Apple Applauded and Criticized for Expanding iCloud Encryption

THE apple announced yesterday that even more data from the icloud will be end-to-end encrypted, including (for the first time ever) backups of devices, contacts, messages, photos, and more. The measure, however, caused mixed reactions among organizations that defend the privacy of online users and public safety agencies.

As we reported, the iCloud Advanced Data Protection will be optionally available and will keep most of your iCloud data safe even in the event of a cloud data breach. Some app data, however, will remain unencrypted end-to-end, such as Mail, Contacts and Calendar.

positive reaction

Among those who celebrated the news is the Electronic Frontier Foundation (EFF), a group that has long urged Apple to take more measures to protect user privacy. Following yesterday’s announcement, the organization released a statement applauding the new feature and Apple’s commitment to privacy.

We applaud Apple for listening to experts, child rights advocates and users who want to protect their most sensitive data. Encryption is one of the most important tools we have for maintaining privacy and security online. That’s why we included the requirement that Apple allow users to encrypt iCloud backups in the campaign. Fix It Already that we launched in 2019.

The EFF also celebrated the fact that Apple has ceased development of the tool that would search for child pornography content on its devices, which was originally announced last year and has accumulated a lot of criticism since then.

Back to iCloud’s new security feature, CEO1 of signalMeredith Whittaker, also declared that Apple’s decision to offer end-to-end encryption “is great”, as reported by the The Washington Post🇧🇷

There was enough pressure and narrative work for them to see the side of the story brewing. It’s really amazing.

fight for the futureanother online privacy advocacy group, said the move finally brings the company’s privacy-focused marketing to reality.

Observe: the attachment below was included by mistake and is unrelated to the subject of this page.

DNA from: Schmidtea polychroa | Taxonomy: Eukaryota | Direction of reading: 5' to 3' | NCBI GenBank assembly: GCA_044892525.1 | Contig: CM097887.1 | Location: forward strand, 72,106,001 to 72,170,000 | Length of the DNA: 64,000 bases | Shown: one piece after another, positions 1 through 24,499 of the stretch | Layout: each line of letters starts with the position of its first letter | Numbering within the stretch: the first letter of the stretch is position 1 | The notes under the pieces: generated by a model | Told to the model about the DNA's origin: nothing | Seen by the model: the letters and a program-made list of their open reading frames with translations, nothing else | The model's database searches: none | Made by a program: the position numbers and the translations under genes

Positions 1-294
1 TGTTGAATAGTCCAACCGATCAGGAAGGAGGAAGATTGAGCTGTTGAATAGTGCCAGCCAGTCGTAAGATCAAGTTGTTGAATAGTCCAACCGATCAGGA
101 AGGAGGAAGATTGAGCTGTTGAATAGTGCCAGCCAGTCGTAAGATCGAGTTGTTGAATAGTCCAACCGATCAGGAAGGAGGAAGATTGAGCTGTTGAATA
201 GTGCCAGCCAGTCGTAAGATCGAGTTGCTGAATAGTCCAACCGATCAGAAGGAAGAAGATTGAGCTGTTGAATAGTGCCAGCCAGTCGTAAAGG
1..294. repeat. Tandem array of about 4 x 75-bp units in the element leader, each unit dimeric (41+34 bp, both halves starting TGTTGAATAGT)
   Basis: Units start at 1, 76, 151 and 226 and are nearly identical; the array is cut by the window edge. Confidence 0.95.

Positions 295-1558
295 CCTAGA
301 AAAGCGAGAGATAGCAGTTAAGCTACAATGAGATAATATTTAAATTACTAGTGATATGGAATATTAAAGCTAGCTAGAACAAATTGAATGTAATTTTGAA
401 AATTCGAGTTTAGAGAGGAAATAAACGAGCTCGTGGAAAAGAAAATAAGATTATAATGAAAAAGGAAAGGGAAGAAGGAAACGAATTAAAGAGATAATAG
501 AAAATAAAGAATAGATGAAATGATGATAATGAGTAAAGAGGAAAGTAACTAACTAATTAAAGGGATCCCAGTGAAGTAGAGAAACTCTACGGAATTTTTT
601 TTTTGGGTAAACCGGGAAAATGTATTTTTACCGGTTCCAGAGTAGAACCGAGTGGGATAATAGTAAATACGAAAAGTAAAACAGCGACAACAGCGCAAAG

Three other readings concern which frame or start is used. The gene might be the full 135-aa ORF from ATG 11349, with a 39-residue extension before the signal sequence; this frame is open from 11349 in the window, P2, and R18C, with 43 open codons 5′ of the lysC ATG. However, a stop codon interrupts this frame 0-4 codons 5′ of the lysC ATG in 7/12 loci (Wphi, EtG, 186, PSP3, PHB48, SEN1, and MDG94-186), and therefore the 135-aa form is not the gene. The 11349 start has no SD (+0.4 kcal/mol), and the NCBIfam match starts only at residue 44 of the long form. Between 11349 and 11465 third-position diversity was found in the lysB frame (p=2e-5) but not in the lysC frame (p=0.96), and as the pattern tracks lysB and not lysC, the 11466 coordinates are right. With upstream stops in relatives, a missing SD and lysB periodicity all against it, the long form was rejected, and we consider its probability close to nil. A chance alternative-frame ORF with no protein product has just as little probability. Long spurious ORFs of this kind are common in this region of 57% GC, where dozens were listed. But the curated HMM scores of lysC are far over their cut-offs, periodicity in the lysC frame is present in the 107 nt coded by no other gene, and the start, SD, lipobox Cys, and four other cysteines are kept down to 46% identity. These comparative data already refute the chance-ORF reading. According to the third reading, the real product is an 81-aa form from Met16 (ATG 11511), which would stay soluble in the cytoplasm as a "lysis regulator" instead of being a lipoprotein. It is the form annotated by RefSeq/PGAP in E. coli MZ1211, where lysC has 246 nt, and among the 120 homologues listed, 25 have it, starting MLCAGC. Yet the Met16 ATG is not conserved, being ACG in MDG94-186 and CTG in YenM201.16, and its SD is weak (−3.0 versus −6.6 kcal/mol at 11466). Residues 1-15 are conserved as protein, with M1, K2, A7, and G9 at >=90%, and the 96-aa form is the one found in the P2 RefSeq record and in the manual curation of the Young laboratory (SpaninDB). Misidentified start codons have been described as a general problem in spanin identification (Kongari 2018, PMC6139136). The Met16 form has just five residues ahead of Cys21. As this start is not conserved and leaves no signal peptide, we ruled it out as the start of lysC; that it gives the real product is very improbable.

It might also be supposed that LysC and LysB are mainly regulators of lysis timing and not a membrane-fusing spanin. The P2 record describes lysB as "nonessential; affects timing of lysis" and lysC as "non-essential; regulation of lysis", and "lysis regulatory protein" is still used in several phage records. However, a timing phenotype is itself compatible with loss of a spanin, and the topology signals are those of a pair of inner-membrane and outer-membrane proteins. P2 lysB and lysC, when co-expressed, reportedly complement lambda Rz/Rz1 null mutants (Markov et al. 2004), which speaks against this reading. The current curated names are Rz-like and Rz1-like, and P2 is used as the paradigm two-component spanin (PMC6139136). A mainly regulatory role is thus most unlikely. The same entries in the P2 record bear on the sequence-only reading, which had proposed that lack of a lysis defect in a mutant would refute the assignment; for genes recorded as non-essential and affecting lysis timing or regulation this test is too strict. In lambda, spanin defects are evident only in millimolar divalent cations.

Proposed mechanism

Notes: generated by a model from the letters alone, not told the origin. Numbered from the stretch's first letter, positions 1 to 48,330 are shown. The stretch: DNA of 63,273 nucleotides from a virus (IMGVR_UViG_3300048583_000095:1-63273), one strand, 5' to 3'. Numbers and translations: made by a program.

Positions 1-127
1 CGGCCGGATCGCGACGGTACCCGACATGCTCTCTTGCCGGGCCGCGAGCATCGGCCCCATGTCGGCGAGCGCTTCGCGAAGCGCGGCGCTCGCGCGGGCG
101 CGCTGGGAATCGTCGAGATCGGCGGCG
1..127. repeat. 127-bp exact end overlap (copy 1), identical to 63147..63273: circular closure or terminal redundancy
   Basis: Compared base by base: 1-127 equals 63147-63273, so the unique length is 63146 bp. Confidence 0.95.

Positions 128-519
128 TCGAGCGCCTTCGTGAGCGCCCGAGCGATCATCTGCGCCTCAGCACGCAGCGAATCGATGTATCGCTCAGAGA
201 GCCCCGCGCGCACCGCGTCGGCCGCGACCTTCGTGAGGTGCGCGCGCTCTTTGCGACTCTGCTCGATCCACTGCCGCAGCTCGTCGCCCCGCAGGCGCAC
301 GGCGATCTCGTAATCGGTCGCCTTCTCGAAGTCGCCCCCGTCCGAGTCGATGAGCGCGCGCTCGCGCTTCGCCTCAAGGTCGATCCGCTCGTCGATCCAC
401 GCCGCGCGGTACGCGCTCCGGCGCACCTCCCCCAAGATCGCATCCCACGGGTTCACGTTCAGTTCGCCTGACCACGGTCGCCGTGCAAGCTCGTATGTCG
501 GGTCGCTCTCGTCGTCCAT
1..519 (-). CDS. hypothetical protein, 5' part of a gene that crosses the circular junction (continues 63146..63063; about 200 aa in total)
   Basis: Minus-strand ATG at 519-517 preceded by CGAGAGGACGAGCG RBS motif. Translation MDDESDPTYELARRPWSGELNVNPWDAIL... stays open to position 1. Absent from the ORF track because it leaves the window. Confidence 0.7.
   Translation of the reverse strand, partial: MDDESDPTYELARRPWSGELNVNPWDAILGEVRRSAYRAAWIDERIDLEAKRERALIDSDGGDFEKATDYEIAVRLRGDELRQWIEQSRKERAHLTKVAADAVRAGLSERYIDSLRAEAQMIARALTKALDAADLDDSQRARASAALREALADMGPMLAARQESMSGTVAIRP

Apple’s reputation as a pro-privacy tech company is at odds with the reality that iCloud backups are not protected by end-to-end encryption. This news means that people’s messages, documents and personal data will be protected from authorities, hackers and Apple itself.
🇧🇷
Despite claims from law enforcement (and years of pressuring Apple NOT to end-to-end iCloud encryption), encryption makes people safer, not less safe. This will improve human rights and digital security globally, especially for people and communities that are already under surveillance.

negative reaction

As we said, some government bodies reacted differently. To The Washington PostO FBItwothe world’s largest intelligence agency, said it was “deeply concerned” about the role.

According to them, end-to-end encryption makes their work difficult.

This undermines our ability to protect the American people from criminal acts ranging from cyberattacks and violence against children to drug trafficking, organized crime and terrorism. In this era of cybersecurity and demands for “security by design”, the FBI and law enforcement partners need “lawful access by design”.

Former FBI employee Sasha O’Connell told the The New York Times that “it’s great to see companies prioritizing security”, but stressed that you need to “keep in mind that there are trade-offs”, one being the impact of “decreasing law enforcement access to digital evidence”.

Happy but not so much

already the Surveillance Technology Oversight Projector STOP, called Advanced Data Protection “essential and overdue”. Despite the announcement, the group is “disappointed” that the feature will not be enabled by default.

Fox Cahn, executive director of the group, said:

It’s nice to see Apple’s privacy protections reaching their sales pitch, but making these protections optional will leave most users vulnerable. For years, Apple has publicized its privacy history, leaving its users vulnerable, particularly to police surveillance. Much of the data users store on iCloud is just one court order away from becoming a policing tool. With these changes, Apple will follow the privacy best practices that other companies have followed for years. But it’s disappointing that users have to accept many of these new protections, leaving the vast majority at risk.

The group, it is worth noting, has also criticized the development of Apple’s feature against child abuse, as well as calling for the suspension of sales of AirTags – given the tracker’s potential to serve as a stalking tool.

Mark Gurman, da Bloomberg🇧🇷 believe that the feature will eventually become something standard — Apple probably just needs some time to “educate” users, avoiding the risk of losing all their data if they forget their passwords.

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